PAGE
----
DALLAS -- June O'Donnell describes her husband, James, as "all Irish. His parents and grandparents were Murphys and O'Donnells, about as Irish as you can get."
So when the couple planned a funeral for James O'Donnell, who had cancer, they picked Irish music, flowers the color of Ireland's flag -- even a casket with a picture of that flag.
The service was in February.
"It created such a joy," O'Donnell says from her home in Hot Springs, Ark. "It was very original, very unique. There was such warmth there. It's the talk of Hot Springs."
Across the nation, people such as the O'Donnells are increasingly asking for one thing when they plan funerals: choice.
The desire for options is causing some big changes in America's traditionally staid funeral industry. It has inspired several entrepreneurs, including the Dallas man who created the Irish-flag casket, and businesses that sell a wide variety of caskets directly to the public.
"A trend is going on in funeral services that is resulting in almost revolutionary changes in the way Americans celebrate the life and commemorate the death of a loved one," says Kelly Smith, spokesman for the National Funeral Directors Association. The association represents about 15,000 funeral directors nationwide.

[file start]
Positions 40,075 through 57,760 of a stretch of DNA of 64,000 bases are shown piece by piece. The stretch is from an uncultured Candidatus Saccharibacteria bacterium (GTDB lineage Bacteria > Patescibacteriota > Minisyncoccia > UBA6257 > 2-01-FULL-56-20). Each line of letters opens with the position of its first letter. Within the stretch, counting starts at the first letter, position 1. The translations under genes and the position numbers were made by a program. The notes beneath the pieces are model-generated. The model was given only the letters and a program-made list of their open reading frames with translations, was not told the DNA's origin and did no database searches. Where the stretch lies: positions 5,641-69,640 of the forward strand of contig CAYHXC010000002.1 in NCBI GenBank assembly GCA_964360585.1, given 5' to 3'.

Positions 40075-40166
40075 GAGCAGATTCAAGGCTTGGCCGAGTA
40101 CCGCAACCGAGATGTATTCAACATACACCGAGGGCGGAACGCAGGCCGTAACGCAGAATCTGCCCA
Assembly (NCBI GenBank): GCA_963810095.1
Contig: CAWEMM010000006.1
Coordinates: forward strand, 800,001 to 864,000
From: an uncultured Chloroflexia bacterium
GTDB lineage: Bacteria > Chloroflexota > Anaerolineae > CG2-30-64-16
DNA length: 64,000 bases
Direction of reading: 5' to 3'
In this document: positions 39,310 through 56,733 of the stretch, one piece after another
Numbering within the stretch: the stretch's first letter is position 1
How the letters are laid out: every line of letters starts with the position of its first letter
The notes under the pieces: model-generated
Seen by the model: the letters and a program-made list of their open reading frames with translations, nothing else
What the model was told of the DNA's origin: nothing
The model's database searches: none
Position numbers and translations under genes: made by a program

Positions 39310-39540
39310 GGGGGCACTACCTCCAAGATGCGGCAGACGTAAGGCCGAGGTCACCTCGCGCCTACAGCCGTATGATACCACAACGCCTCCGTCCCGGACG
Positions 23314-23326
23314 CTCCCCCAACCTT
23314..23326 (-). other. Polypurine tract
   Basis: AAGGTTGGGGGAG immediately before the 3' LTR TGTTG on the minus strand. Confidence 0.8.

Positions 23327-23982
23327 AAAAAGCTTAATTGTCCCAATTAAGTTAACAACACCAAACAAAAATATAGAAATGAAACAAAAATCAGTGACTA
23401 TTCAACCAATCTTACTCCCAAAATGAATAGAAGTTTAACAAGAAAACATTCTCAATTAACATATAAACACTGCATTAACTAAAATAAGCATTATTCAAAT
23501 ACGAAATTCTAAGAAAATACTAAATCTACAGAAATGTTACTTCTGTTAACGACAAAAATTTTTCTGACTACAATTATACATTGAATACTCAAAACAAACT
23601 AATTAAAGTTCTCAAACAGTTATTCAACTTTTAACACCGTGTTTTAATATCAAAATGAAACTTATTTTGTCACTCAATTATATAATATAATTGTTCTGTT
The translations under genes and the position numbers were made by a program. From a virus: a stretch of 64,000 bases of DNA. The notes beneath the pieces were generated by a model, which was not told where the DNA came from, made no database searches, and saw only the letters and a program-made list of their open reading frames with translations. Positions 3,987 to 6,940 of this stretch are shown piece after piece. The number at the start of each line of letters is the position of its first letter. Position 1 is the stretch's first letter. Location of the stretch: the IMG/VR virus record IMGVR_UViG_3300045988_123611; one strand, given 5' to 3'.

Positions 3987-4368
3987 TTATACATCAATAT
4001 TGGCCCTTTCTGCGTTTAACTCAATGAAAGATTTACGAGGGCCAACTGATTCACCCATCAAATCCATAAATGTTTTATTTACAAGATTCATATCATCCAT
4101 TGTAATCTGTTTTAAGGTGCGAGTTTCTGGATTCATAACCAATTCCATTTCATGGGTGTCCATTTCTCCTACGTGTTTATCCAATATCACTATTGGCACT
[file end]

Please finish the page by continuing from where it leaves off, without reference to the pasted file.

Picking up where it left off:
"People are becoming more interested in personalizing the service," says Beverly Henley, who owns Forest Lawn Funeral Home at Turtle Creek in Dallas. She recently sold an HIV-positive man a casket affixed with an AIDS ribbon design.
According to Smith, the personalization trend was prompted by Americans' increased mobility, which has loosened the boundaries of some local, religious and family traditions. People are substituting personality for tradition and seeking services that reflect their lives and beliefs, he says.
That's what led Patrick Fant to start his White Light casket company last year, featuring "art caskets" -- a line of caskets decorated with images such as the Irish flag, religious symbols and a golf fairway.
"All we're trying to do is let the caskets show some personality," says Fant. "If you have to buy a casket, why buy a blank? Nobody's life is a blank."
Fant was thinking about his own mortality and his own funeral when "art caskets" were born. The products are made by wrapping steel caskets, made in Greenville, Texas, with a vinyl-based laminate that holds the design.
Twelve designs are now available; more will be issued each spring and fall. Among the first images are angels -- the most popular design -- crosses and the Virgin of Guadalupe.
"We have focused on the reverent and respectful side of what we're offering," Fant says.
Other images include the Fairway to Heaven casket, showing a golf hole, and a casket that looks as if it's wrapped in parcel paper with "Return to sender" stamped on it in red.
"I can't explain that one. It just came out," Fant says.
Individuals can special-order caskets -- they take about three weeks to make. Stock designs can be delivered overnight.